Thursday, April 7, 2016

A Brief History Of The Mercury Dime.

When it comes to collecting coins, the Mercury Dime is by far my favorite. As strange as this may seem, I find it to be the most beautiful of all coins. This graceful ten cent denomination is simple in design, yet delightful with a classical sense of elegance. In my mind, the Mercury Dime is an absolute wonder to behold. I cherish them more than any of the other American coins in my collection. Best of all, we get to celebrate the 100th anniversary of the Mercury Dime in 2016.

The Mercury Dime, despite its name, does not depict the Roman God Mercury at all. The obverse of the dime bears the image of Winged Liberty, a personification of Lady Liberty herself. Atop her head rest two large wings attached to a pileus cap. As such, many people incorrectly assumed upon release that the depiction is of the Roman god Mercury, whom wears a similar hat with wings. Notwithstanding the numerous attempts by newspapers, numismatic and artistic publications of the time to push the Winged Liberty name, the Mercury label stuck. The reverse of the coin shows a fasces, which is a bundle of wooden rods lashed to a battle axe. The fasces is another callback to Roman culture, in which it represented the power of a magistrate. Its symbolism evokes the notion of strength through unity. Accompanying the fasces is a large olive branch, the embodiment of peace.

Adolph Weinman

Sculptor Adolph Weinman was the creator of the Mercury Dime's design. He submitted his design in February of 1916 (of which he also turned in a successfully accepted design for the half dollar). By September, the first batches of Mercury Dimes were provided to a handful of testing companies, chiefly pay phone and vending machine manufacturers. This was to ensure that the dimes would function in their machines. A few of the companies stated that the dimes wouldn't fit into coin slots correctly, so a slight modification was made. Along with the relief being lowered, the letters of LIBERTY on the obverse were spaced slightly farther from the edge of the coin. These changes did just the trick and the Mercury Dime went into full production by October. The first coins were sold to the public on October 30, 1916. Weinman's initials can be found on the obverse of the coin, to the right of Winged Liberty's face.

To identify which Mint a Mercury Dime was made, check for a letter to the right of the word ONE on the reverse of the coin. The letter 'S' signifies the San Francisco Mint; 'D' represents the Denver Mint. No letter means the coin was struck at the Philadelphia Mint.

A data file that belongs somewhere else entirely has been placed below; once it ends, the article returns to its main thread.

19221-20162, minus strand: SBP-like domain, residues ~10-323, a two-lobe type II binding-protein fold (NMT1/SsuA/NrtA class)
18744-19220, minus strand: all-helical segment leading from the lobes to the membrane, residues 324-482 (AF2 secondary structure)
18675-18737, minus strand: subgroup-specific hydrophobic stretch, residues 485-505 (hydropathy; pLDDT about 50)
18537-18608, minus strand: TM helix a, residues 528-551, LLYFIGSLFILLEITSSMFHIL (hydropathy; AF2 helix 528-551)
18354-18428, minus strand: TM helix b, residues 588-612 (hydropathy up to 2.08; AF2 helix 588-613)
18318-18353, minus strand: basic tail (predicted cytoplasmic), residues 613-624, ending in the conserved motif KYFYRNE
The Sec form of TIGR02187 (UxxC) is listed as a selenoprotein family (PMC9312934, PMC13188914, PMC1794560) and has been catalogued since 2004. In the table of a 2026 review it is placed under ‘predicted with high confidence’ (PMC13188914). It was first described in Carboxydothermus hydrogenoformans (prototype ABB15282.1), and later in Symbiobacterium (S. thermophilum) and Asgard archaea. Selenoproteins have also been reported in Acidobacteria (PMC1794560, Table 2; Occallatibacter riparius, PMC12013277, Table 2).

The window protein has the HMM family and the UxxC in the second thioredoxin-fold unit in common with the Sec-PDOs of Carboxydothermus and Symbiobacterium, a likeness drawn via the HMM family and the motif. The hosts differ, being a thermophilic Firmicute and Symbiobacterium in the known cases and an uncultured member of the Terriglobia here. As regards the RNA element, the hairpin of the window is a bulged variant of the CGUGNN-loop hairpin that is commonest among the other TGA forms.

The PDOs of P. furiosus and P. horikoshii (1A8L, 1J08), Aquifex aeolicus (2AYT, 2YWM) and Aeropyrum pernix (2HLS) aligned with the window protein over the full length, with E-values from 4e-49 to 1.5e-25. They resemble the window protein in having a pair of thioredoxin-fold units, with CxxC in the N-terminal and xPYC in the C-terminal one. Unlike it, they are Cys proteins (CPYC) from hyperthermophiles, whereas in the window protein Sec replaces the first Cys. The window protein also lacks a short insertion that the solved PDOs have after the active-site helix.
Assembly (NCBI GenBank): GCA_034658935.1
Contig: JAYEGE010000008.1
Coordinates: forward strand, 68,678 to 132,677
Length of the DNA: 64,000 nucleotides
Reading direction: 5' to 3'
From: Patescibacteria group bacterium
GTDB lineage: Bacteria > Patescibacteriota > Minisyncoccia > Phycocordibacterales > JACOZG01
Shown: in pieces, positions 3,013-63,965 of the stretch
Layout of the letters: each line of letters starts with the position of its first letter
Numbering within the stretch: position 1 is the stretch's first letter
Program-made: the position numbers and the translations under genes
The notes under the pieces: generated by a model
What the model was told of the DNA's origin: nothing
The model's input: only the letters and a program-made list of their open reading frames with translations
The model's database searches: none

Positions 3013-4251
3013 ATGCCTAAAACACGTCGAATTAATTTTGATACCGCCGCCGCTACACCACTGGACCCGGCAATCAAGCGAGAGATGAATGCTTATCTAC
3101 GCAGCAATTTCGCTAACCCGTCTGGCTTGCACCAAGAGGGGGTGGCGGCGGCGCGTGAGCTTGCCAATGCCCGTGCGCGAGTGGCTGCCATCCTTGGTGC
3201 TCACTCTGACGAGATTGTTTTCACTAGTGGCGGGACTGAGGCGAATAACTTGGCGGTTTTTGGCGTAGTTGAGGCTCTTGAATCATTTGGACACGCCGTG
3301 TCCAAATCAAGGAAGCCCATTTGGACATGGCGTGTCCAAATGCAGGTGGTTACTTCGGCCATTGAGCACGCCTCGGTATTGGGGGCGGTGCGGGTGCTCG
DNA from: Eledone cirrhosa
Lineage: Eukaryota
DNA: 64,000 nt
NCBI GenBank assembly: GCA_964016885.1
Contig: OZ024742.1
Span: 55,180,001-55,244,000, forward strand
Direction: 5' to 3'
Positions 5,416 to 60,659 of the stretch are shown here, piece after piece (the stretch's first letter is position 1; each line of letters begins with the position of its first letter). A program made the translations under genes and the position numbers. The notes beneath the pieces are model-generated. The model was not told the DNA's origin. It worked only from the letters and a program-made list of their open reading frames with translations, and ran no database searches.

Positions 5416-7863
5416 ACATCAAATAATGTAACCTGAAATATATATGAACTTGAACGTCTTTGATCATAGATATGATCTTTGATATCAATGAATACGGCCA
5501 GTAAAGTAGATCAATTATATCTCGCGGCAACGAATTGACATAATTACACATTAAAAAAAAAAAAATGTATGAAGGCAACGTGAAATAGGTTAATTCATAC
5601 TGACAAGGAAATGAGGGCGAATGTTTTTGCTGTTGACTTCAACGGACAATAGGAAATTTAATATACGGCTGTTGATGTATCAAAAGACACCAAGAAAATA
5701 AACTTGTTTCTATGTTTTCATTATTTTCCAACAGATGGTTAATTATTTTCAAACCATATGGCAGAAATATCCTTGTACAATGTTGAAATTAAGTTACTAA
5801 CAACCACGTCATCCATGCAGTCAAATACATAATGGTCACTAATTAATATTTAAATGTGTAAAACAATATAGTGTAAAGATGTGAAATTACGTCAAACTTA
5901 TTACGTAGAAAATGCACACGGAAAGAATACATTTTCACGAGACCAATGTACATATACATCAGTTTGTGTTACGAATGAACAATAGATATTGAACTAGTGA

Along with many other coins of the era, the Mercury Dime has a high silver content. It is a mixture of 90% silver and 10% copper. Accordingly, Mercury Dimes are worth more than face value. Your average, plentifully-minted Mercury Dime found in decent, circulated condition is worth anywhere between two and five dollars on the aftermarket. As the value of silver rises and falls, so too does the value of the Mercury Dime.

Between the years 1916 and 1945, a total of 2,677,232,488 Mercury Dimes were struck. They were in circulation during both World Wars. Of note, some years of production are quite scarce.
  • 1916-D: Only 264,000 Mercury Dimes were produced at the Denver Mint in this year. This was in due part to a large order for quarters, which Denver produced in mass quantities on through 1917.
  • 1921: With an economic downturn in the United States, the government produced many less coins during this year due to lack of demand. In fact, no dimes at all were minted in 1922! Just over two million dimes were made in 1921 before taking the year-long break.
  • 1930-1931: During the Great Depression, demand for coins again dipped dramatically. 1932 and 1933 saw a hiatus on dime production. Less than fifteen million Mercury Dimes were made in 1930-31.
In 1945, President Franklin Roosevelt passed away. A demand for his image to grace a coin lead to his face being placed on the dime in 1946. The dime was selected because of Roosevelt's deep connection to the March of Dimes campaign. With that, production of the Mercury Dime saw its end.

The next time you're flipping through some pocket change, check and see if you can find a Mercury Dime. Though scarcely found in circulation today, they do occasionally pop up from time to time. Trust me, you'll enjoy this beautiful coin just as much as I do.

For more information on the production numbers of the Mercury Dime, visit:

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